After one last overnight train ride, at 5 A.M. we caught a taxi which took us to the ancient Hindu temples at Mahabalipuram, situated just an hour or two away from our final destination of Chennai. Even though India’s cultural is thousands upon thousands of years old, due to the tides of history it is difficult to find many extant testimonies to India’s ancient grandeur. Here, however, we were treated to a temple complex dating to the 5th/6th centuries A.D. Particularly striking is the Shiva temple along the shore overlooking the ocean and the various carvings on temple walls depicting scenes from the Mahabharata, India’s greatest national epic and a most significant source for knowledge of ancient Hindu beliefs.
From Mahabalipuram our taxi took us through the busy streets of Chennai (the new name for the port city of Madras) to the shrine of St. Thomas and Noon mass in English at his tomb. The Mass, while celebrated in the Roman rite and in English, itself exemplified the mix of cultures that is India and in particular Indian Catholicism. The Sanctus sounded more like a song sung at clubs with its fast beat and synthesizer in the background; the communion hymn was One Bread, One Body, an American hymn, and the recessional was Lord I Lift Your Name on High, a contemporary praise and worship song within origins in non-Catholic worship. The homily, preached by a young deacon, was quite excellent and recounted the history of Corpus Christi through the theology of St. Thomas Aquinas and the miracle at Bolsena, Italy in the 13th century. It was incredibly fascinating to hear a south Indian preaching about this miracle and this theology, because it reminded me that Western Catholic theology does not just belong to the West but to the whole Church. In other words, the theology of Thomas Aquinas, an Italian, is just as applicable to Indians as it is to Americans. After all, geographically speaking at least, we are just as removed from Italy as the Indians are. When I heard this homily along with the line “we, though many, throughout the earth, we are one body” from the communion song, I was reminded in a way I have never experienced before that the Catholic Church truly is universal.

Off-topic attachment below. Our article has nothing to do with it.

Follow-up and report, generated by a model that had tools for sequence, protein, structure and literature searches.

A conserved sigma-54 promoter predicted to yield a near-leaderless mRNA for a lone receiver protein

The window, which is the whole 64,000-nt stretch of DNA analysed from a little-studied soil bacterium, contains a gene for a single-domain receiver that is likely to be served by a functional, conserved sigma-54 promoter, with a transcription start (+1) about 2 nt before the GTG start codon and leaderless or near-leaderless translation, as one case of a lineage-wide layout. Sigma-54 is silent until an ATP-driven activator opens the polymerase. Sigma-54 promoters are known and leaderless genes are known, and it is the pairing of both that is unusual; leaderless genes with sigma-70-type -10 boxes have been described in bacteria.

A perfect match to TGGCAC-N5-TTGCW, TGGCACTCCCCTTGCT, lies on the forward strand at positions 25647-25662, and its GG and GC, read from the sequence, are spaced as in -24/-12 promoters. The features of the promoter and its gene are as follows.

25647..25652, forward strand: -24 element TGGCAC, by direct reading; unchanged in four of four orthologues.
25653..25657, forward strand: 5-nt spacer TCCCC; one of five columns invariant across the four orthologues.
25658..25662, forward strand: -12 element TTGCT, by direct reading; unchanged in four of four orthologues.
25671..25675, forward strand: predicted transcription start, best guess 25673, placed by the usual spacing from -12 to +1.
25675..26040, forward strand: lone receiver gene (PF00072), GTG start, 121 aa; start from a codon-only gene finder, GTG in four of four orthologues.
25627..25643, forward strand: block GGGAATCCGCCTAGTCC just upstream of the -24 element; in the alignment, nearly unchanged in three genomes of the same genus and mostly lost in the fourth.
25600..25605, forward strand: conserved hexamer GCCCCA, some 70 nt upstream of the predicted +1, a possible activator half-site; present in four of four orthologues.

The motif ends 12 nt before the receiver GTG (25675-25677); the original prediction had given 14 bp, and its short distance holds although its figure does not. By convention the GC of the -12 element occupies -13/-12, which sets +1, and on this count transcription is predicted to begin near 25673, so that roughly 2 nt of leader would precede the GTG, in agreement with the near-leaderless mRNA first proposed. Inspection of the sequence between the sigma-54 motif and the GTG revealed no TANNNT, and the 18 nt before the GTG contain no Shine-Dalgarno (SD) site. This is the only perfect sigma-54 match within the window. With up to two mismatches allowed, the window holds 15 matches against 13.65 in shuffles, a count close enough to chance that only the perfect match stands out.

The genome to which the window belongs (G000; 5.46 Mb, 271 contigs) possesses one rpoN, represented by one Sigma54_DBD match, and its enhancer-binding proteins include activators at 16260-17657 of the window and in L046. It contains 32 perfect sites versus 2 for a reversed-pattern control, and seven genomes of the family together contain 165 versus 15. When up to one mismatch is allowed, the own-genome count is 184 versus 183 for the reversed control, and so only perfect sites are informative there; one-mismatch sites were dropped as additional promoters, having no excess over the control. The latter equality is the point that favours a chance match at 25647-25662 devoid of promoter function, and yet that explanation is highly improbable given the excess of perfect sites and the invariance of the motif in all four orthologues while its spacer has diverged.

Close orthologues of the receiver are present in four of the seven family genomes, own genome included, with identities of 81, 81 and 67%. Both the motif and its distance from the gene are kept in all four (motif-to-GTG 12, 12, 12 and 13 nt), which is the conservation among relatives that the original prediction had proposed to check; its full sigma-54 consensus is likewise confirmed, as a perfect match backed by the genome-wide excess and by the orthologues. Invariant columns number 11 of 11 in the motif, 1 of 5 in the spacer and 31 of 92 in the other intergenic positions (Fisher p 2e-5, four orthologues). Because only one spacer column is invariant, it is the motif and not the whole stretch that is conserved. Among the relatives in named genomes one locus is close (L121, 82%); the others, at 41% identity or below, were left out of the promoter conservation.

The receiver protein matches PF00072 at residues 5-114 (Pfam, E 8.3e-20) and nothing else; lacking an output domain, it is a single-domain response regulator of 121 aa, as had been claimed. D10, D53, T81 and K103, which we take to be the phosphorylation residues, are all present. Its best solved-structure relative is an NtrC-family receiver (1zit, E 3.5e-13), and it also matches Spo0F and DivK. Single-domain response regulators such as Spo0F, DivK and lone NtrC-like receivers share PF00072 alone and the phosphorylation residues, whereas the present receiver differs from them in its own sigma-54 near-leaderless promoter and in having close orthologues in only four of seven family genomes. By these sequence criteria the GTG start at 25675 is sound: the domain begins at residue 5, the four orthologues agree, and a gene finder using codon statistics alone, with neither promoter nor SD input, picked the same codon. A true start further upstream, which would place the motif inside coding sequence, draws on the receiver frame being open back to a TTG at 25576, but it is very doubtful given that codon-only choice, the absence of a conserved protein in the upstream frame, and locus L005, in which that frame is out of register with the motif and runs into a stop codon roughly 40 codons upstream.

After a nice lunch with another round of Chicken 65, our taxi took us out to Mount St. Thomas where the apostle was martyred. On our ride up the mountain it started pouring, and pouring, and pouring–the third day in a row of rains which made it clear that monsoon season was arriving as scheduled in the Indian subcontinent. Even though the rain was relentless, a few of us ran out to the lookout over the city where Thomas would have had his last view of earth on this side of the grave. At the site there is a poignant memorial which consists in a Calvary scene and a big Cross which a little Cross underneath it. This makes the theological point that Thomas’ martyrdom was, like all martyrdoms, a participation in Christ’s Passion and a reliving of it in each age. This was the last scheduled site visit of our trip, and it was a great way to conclude. We had begun in the north with 117-degree heat, and we now concluded in the south with cooler weather and monsoon rains. The weather from beginning to end had reflected the diversity of people, culture, and religion that we experienced along the way.